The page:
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Analysis: Don't underestimate the shift in US-India economic relations.
NEW DELHI, India — A scant 10 minutes after U.S. President Barack Obama arrived in India, he'd already made a few foes with his emphasis on jobs for Americans and reluctance to talk tough on Pakistan.
Though he stayed at Mumbai's Taj Mahal Hotel as a symbolic gesture, his speech commemorating the victims of the Nov. 26, 2008, terrorist attacks on India's financial capital neglected to mention "the P-word."
And though he mentioned Pakistan during his visit, it was not until his speech to the Indian parliament today that he struck the right note for Indians, saying "We will continue to insist to Pakistan's leaders that terrorist safe havens within their borders are unacceptable, and that the terrorists behind the Mumbai attacks be brought to justice."
Meanwhile, his advocacy of a permanent seat for India on the United Nations Security Council was probably not aggressive enough for Indian leaders, saying only, "In the years ahead, I look forward to a reformed United Nations Security Council that includes India as a permanent member."
But the economic achievements of the so-called "salesman-in-chief" may wind up meaning more for U.S.-India relations than tough talk or a host of promises of strategic partnerships. The reason: This time it's America asking India for help, and that may change the dynamic between the two countries.
Calling India "indispensable to addressing the challenges of our time," in a joint press conference with Prime Minister Manmohan Singh in New Delhi today, the U.S. president outlined a raft of political moves intended to complement the business deals his delegation cemented in Mumbai. Yet even the biggest agreements — such as the removal of barriers preventing the sale of sensitive technologies to Indian space and defense organizations — appeared to be at least partially concessions to facilitate trade.
"There's a perception that there is a little less asymmetry in the relationship," said Pratap Bhanu Mehta, president of New Delhi's Center for Policy Research. "This is the kind of give and take you expect between two powers who are mutually dependent on each other. In that sense there's a psychological shift that's significant."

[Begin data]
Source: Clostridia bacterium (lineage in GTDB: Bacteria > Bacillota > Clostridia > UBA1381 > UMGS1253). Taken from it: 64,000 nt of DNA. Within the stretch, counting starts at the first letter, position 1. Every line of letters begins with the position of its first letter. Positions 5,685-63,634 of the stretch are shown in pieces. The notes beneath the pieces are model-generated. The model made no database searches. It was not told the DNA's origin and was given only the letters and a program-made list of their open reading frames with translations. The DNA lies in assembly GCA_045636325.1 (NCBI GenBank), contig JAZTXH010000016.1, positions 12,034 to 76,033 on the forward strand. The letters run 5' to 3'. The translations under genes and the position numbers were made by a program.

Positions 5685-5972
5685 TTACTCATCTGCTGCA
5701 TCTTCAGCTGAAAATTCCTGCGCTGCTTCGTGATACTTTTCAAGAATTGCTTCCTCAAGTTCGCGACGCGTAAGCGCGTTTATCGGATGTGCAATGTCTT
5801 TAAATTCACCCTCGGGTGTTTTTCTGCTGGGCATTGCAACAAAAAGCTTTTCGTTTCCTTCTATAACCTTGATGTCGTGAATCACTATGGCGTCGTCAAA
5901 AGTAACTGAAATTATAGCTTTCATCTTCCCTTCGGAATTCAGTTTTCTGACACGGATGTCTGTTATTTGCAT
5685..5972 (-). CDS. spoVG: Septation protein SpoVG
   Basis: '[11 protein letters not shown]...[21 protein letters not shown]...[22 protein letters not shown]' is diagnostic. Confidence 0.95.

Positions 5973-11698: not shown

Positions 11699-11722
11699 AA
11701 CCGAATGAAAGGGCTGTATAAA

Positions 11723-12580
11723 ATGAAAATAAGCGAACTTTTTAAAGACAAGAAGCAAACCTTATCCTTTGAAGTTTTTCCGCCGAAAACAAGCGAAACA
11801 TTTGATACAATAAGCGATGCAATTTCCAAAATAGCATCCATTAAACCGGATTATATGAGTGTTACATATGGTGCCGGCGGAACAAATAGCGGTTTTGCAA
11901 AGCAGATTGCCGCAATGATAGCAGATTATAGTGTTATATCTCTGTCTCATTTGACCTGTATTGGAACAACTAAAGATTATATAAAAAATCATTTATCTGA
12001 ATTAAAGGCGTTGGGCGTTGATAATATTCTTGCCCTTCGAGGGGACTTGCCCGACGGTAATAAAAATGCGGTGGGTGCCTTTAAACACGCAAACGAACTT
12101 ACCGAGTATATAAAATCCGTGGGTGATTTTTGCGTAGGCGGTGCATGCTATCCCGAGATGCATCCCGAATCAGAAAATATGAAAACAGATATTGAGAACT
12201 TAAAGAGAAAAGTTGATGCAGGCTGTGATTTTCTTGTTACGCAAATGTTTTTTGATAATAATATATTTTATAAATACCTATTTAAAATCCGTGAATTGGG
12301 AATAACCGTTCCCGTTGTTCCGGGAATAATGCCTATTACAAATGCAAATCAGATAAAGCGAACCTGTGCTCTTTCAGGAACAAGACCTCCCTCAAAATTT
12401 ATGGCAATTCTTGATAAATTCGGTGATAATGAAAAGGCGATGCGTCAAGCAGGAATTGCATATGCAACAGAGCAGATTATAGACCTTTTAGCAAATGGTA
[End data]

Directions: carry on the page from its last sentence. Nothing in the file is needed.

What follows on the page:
Obama will take home about $10 billion in deals ranging from $1 million to $4 billion in size that are estimated to create more than 50,000 jobs in the United States. And according to the Confederation of Indian Industry, that's just the tip of the iceberg. India's buying of U.S. military and nuclear hardware and civilian aircraft could create more than 700,000 jobs in the U.S. over the next 10 years, the business lobby claims in a recent report.
And what is the U.S. giving? Apart from the lifting of export controls and supporting India's membership in the Nuclear Suppliers' Group, Obama and Singh announced that the two countries had agreed to expand cooperation in space exploration, clean energy research, health, agriculture and higher education. Among the concrete steps to emerge from the bilateral talks will be a new joint research center in India focused on alternative energy, a joint disease detection center and agricultural initiatives designed to rejuvenate the fading gains of India's "green revolution" — which was fueled in part by American scientists.
But the most important step forward in the India-U.S. relationship might be in the subtext. By coming to India primarily as the leader of a business delegation — and in the supplicant role of seller, rather than buyer — Obama recognized India's global ambitions, and its ability to attain them. As Harold McGraw, chairman of the McGraw-Hill Companies, put it, "He was selling. Yesterday, he was salesman-in-chief." And that, more than the public statement he made in his joint press conference with Singh, is proof positive that the U.S. president doesn't "think India is emerging. It has emerged."